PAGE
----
This past August, Chris Zimmerman announced his resignation as president and CEO of the Vancouver Canucks, citing family reasons and not much else.

Zimmerman is known as a branding man, the marketer responsible for putting Nike Golf in a position to compete with the likes of 
Callaway Golf Co., and the man who brought together the Nike and Bauer brands (as president and CEO of Nike Bauer Hockey). He’s back on his New Hampshire homestead now, but only just. 

When you arrived in Vancouver in 2005, you said your stay in a Yaletown condo was to be temporary until you sold your New Hampshire house. But you never sold the house.

We weren’t able to sell the house. It was on the market for much of the time. But it had more to do with the challenges facing the U.S. real estate market. As far as Yaletown went, we didn’t necessarily go with the intention to stay there, but we ended up loving condo life and living with such great access to so many of the things that we like to do.

You are a marketer and a branding expert. How does that relate to your stay with the Canucks?

The Canucks were an interesting situation because I joined an already strong entity. The sellout streak had started long before I got there. The team and the business were performing quite well. The challenge for me was to find ways to continue to grow our audience and strengthen the product. A perfect example was recognizing where the fans were seeking their information and how they were showing their allegiance to the team. We realized that one of the major opportunities in terms of fan engagement was to invest in Canucks.com.

How did you get the job with Vancouver?

One day I got a call from an executive recruiter working for the Canucks and what was at the time still Orca Bay. There were two ownership groups involved: John McCaw still owned 50 per cent, and so did the Aquilini family. The position of president had been vacant for some time. The recruiter gave me a background on the organization and the business and asked if I would be interested. It was a call I never really anticipated or sought out. I never really envisioned myself running a national hockey team. 

Was it a hard decision to leave?

It still is difficult. I had an amazing three seasons there. We had a lot of success. The business performed extremely well. We continued our sellout streak. We grew our television base and our sponsorship base. Canucks fans really became more integrated than they ever had been. The ultimate goal is to win the Stanley Cup, and my only regret is that that didn’t happen in my three years. It hasn’t happened yet, but I’m confident it will. And with Mike Gillis at the helm, it won’t be too long.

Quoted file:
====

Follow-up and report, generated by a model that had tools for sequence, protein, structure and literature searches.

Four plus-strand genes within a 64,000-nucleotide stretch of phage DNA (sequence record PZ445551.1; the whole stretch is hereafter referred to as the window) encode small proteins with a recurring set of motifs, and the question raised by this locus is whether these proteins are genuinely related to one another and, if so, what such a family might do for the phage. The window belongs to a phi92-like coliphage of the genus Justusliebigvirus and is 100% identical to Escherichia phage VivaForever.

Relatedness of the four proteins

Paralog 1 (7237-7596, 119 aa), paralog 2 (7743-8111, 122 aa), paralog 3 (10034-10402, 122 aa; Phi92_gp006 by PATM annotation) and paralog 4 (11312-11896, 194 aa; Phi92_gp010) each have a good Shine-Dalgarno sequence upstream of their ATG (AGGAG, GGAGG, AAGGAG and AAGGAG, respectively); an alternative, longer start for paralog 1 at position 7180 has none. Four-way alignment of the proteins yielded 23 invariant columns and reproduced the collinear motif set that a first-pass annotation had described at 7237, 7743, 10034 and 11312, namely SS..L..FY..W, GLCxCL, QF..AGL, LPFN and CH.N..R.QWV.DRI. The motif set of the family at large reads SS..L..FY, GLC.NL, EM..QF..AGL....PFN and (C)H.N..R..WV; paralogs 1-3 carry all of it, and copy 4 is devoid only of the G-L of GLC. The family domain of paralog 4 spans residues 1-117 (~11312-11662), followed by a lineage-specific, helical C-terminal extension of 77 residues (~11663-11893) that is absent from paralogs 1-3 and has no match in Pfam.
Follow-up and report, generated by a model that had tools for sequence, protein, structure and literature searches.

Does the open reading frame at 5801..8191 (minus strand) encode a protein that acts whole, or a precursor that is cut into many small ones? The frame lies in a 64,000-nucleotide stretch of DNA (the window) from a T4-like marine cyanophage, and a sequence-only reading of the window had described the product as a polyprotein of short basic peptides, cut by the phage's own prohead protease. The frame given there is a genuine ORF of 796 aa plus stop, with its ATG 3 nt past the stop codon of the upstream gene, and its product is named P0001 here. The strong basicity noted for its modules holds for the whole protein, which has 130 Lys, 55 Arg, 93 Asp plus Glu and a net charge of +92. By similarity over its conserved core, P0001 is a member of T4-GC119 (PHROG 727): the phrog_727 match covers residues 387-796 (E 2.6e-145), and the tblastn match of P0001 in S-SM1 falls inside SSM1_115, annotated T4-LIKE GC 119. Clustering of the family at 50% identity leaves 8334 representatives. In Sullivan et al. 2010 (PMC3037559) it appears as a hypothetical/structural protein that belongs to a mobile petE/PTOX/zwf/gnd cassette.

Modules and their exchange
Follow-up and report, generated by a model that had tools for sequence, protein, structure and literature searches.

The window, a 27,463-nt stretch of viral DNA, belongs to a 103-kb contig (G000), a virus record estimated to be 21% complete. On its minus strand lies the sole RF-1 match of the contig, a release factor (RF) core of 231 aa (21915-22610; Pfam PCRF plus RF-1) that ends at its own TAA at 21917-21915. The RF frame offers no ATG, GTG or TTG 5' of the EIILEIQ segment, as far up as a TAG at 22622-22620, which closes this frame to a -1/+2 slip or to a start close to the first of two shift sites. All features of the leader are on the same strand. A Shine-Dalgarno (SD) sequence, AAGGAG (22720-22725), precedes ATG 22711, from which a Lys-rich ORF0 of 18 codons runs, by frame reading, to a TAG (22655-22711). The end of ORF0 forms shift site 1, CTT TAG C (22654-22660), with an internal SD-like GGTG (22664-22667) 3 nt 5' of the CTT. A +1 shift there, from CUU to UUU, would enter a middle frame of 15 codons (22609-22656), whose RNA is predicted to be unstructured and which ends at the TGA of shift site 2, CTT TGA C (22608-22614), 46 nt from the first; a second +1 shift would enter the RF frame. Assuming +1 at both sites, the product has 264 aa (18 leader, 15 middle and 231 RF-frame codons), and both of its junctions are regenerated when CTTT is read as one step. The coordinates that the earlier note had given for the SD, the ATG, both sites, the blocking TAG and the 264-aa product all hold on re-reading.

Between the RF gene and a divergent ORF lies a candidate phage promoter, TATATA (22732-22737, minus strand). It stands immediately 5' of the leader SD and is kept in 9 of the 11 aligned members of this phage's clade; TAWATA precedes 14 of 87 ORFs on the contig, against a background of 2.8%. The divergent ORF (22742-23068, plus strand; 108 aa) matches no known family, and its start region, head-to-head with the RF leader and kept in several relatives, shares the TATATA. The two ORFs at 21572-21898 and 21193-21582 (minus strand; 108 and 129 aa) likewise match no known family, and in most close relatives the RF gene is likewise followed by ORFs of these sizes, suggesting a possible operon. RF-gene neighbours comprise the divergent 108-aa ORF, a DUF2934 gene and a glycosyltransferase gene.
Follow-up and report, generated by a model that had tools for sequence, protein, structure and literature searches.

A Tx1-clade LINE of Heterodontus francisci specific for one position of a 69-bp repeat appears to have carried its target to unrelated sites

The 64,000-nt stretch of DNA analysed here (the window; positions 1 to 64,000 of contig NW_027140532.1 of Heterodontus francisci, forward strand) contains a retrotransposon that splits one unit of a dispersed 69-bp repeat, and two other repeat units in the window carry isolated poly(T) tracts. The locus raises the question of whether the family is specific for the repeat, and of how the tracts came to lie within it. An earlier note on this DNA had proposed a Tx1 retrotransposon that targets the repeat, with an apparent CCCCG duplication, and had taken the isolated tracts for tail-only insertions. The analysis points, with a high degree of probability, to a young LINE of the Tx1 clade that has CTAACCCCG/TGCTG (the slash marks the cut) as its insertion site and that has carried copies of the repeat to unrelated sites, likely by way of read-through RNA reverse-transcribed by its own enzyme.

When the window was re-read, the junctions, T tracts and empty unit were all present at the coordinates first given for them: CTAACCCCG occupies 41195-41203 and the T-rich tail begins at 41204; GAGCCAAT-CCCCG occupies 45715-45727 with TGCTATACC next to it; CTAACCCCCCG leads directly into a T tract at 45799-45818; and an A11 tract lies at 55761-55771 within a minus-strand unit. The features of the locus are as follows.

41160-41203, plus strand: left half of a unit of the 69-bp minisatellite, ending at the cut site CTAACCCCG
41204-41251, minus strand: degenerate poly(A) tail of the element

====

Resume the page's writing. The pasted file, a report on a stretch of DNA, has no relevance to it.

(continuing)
Gillis took on the title “president” while continuing with his other responsibilities, so in a sense the position is vacant again. Does this signal a change of strategy for the Canucks? 

I don’t think so. Mike has been given the president’s title and he will be a great leader. Running the business now is Victor De Bonis. He’s a Vancouver guy through and through. He has been with the organization since General Motors Place opened. I really feel like Mike has a complete team, specifically with Victor leading the business side of the organization. I feel that the transition will be quite seamless.

What would you consider the best player signing of your tenure?

One of the great decisions that Mike made was picking Cody Hodgson in last year’s draft. He was not necessarily the pick that everyone expected. But Mike really has brought a lot of focus to the type of players the team needs. Other players could have been viewed as more talented, but Mike was looking for character and integrity. I think Hodgson is a brilliant prospect.

I thought you’d say Luongo.

Actually, Roberto was traded to the Canucks on the day of my very first interview. I was in the interview with Francesco Aquilini and John McCaw’s representative Mel Wheaton. I didn’t really know what was going on, but the BlackBerrys were bouncing off the table. After my interview, I went to the Hyatt for a bite to eat. And there was the announcement on TV that Robert Luongo was coming to Vancouver. I view that as happening before my time, but the fact that it happened on that day was a good omen.